Leach wants the director of the state DHS to be able to use the money for "enforcement" of the medical-marijuana law and "education, awareness and prevention messaging."

SB 1061 "Raid the Fund, and More"
Introduced by: David Farnsworth

Senator Farnsworth wants to extract $5 million from the medical-marijuana fund and spent it on general drug-trafficking enforcement this year and next.

His bill also directs the DHS to reformulate its rules to "address" dispensaries that move from their original, state-mandated regional locations and "labeling and testing of edible medical marijuana products." He doesn't say how these things should be addressed, however. DHS would be free to address and modify registration and renewal fees for dispensaries and dispensary agents, too.

HB 2398 "The Contact High Bill"
Introduced by: Bob Thorpe, R-Flagstaff

Thorpe's bill takes money from the state's tobacco fund and puts it toward substance-abuse education, with an emphasis on marijuana.


Rep. Bob Thorpe, R-Flagstaff
He'd require teachers or groups like the well-connected notMYkid to give public-school students from fifth to 12th grade two hours of anti-drug and alcohol education. Interestingly, the bill requires the teaching of the "negative effects" of "using tobacco, marijuana and illegal drugs," but only of "abusing alcohol." Did the alcohol lobby reach Thorpe for that verbiage tweak?

The bill would make the DHS come up with programs that "emphasize the possible dangers of secondhand tobacco and marijuana smoke, emergency health issues for persons or animals caused by ingesting food containing marijuana and potential negative impacts to cognitive development caused by the use of tobacco and marijuana."

What are the dangers of secondhand marijuana smoke? The National Institute on Drug Abuse states on its website that it may be possible to get a "contact high," but that "very little research on this question has been conducted."

Thorpe rounds out his bill with an order to DHS to make dispensaries put signs up, and for doctors to warn patients about these "possible dangers" of marijuana.

Meanwhile, Democratic lawmakers have put several of their own bills on tap this year to deal with cannabis-related issues:

HB 2144 "Our Vote, Our Law"
Introduced by: Mark Cardenas, D-Phoenix

Sort of a local version of the Rohrabacher-Blumenauer Amendment, Cardenas' bill would prohibit state and local police from assisting federal authorities in clamping down on the state's medical-marijuana program or its patients.

HB 2014 "Almost Legalization"
Introduced by: Mark Cardenas

You can always count on Cardenas to introduce a bill to either legalize or decriminalize marijuana. Just don't count on the bills to pass.


Arizona state Representative Mark Cardenas.
Ray Stern
HB 2100 "Let It Be"
Introduced by: Several Democratic lawmakers

Arizona medical-marijuana patients have to renew their cards every year. This bill would extend that to every five years.

If they wanted to be really generous, though, they could make the expiration for a medical-marijuana card the same as for a driver's license: When the person turns 65.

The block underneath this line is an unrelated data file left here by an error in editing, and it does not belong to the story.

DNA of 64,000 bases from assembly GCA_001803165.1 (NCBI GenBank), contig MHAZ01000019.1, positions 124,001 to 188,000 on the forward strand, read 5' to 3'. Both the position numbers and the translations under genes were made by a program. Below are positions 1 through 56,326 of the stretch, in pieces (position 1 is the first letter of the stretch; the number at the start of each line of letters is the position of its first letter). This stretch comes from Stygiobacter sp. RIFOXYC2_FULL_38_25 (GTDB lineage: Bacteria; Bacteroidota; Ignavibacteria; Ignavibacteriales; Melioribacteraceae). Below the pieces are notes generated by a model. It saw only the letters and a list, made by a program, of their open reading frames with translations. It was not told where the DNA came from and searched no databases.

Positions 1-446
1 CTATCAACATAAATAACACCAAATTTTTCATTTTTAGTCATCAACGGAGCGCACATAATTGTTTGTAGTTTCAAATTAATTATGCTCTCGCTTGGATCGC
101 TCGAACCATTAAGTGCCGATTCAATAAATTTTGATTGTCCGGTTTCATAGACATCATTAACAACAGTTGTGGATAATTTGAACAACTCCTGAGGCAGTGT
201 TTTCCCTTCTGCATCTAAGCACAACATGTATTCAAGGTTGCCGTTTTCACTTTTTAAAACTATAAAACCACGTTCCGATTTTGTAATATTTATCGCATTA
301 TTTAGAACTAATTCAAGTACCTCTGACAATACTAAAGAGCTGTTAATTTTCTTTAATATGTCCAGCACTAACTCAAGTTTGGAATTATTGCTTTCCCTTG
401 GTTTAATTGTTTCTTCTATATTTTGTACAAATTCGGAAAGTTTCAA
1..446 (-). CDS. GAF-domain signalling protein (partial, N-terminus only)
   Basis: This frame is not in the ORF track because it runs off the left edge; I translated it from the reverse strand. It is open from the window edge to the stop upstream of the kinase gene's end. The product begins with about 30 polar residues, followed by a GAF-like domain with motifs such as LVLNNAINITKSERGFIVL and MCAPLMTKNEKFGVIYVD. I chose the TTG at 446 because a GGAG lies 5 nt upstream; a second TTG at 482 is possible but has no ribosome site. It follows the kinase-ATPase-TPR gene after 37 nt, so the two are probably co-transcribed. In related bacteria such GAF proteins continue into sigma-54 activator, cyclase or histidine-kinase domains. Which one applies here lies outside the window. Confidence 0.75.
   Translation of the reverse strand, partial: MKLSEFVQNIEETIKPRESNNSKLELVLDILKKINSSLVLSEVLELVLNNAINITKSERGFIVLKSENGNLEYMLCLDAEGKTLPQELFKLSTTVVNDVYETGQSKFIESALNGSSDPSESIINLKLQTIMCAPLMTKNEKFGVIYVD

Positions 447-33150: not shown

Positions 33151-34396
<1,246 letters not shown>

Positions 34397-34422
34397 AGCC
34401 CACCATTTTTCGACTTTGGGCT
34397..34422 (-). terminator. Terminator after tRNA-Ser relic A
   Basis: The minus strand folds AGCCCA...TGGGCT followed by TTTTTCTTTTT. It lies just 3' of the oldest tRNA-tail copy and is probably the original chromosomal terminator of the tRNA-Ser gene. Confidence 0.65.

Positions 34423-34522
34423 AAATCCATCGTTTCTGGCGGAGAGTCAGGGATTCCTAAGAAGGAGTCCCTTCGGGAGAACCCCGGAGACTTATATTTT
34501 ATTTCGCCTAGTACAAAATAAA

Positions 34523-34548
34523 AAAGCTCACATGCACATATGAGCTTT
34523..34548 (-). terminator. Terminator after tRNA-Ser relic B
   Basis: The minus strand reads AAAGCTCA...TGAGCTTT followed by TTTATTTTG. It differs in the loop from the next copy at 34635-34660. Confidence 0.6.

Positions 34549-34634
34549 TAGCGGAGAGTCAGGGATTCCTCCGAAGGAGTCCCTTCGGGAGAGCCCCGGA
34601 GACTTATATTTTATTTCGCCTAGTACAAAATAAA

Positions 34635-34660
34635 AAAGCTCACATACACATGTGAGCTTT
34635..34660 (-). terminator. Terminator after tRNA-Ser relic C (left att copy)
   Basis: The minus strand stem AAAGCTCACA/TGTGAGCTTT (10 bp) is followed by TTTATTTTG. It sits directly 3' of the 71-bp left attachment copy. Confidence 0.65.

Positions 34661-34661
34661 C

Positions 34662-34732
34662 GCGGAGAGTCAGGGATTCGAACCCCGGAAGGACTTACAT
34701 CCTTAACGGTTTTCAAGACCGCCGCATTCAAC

HB 2199 "Be Nice to Patients"
Introduced by: Several Democratic lawmakers

Lowers the yearly card fee for patients from $150 to $50.

HB 2147 "Be Even Nicer to Patients"
Introduced by: Mark Cardenas

Not to be outdone by his colleagues, the cannabis-friendly Cardenas would lower the yearly patient card fee to $15.

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SB 1098 "Hemp, Hemp, Hooray"
Introduced by a bipartisan group of legislators

This bill would legalize an industrial hemp industry in Arizona, guided by federal law. As New Times reported in November, hemp is a major source of over-the-counter cannabidiol (CBD) sold online and by local smoke shops. It's also used to make a large range of products.

Demetri Downing, executive director of the Marijuana Trade Industry Association, said he'd like to see Arizona's conservative lawmakers open up more of their Libertarian tendencies and help the industry, rather than continue to put up obstacles. Downing said he worked with Cardenas on the anti-federal-assistance bill and wished he could do the same with Republicans.

"It's ironic that you have a Democrat protecting states' rights and the will of Arizona voters, and you have Republicans doing the opposite," Downing said
You mean that they have not and currently do not test!! Wow.

Arizona May Finally Begin Lab Testing Medical Cannabis for Contaminants

More than seven years after Arizona legalized medical cannabis, the state may finally begin to require lab testing to identify mold, pesticides, and other potentially harmful contaminants.

Under a proposal from state Sen. Sonny Borelli (R-Lake Havasu), the state would require testing starting in 2019. The bill would mandate that products be analyzed for mold and other chemicals and that product labels disclose all compounds used during production.

“This is supposed to be medicine,” Borelli told a local CBS affiliate. “The patient has the right to know what’s in their medicine.”

Pesticides 101: Questions and Answers for Cannabis Patients and Consumers

The measure, Senate Bill 1420, has earned broad backing from lawmakers, with nearly the entire state Legislature having signed on in support. It now has 78 co-sponsors, including Republican and Democratic leaders in both the House and Senate. There are 90 members of the Legislature.

The bill would also reduce the state’s $150 patient-registration fee to $50.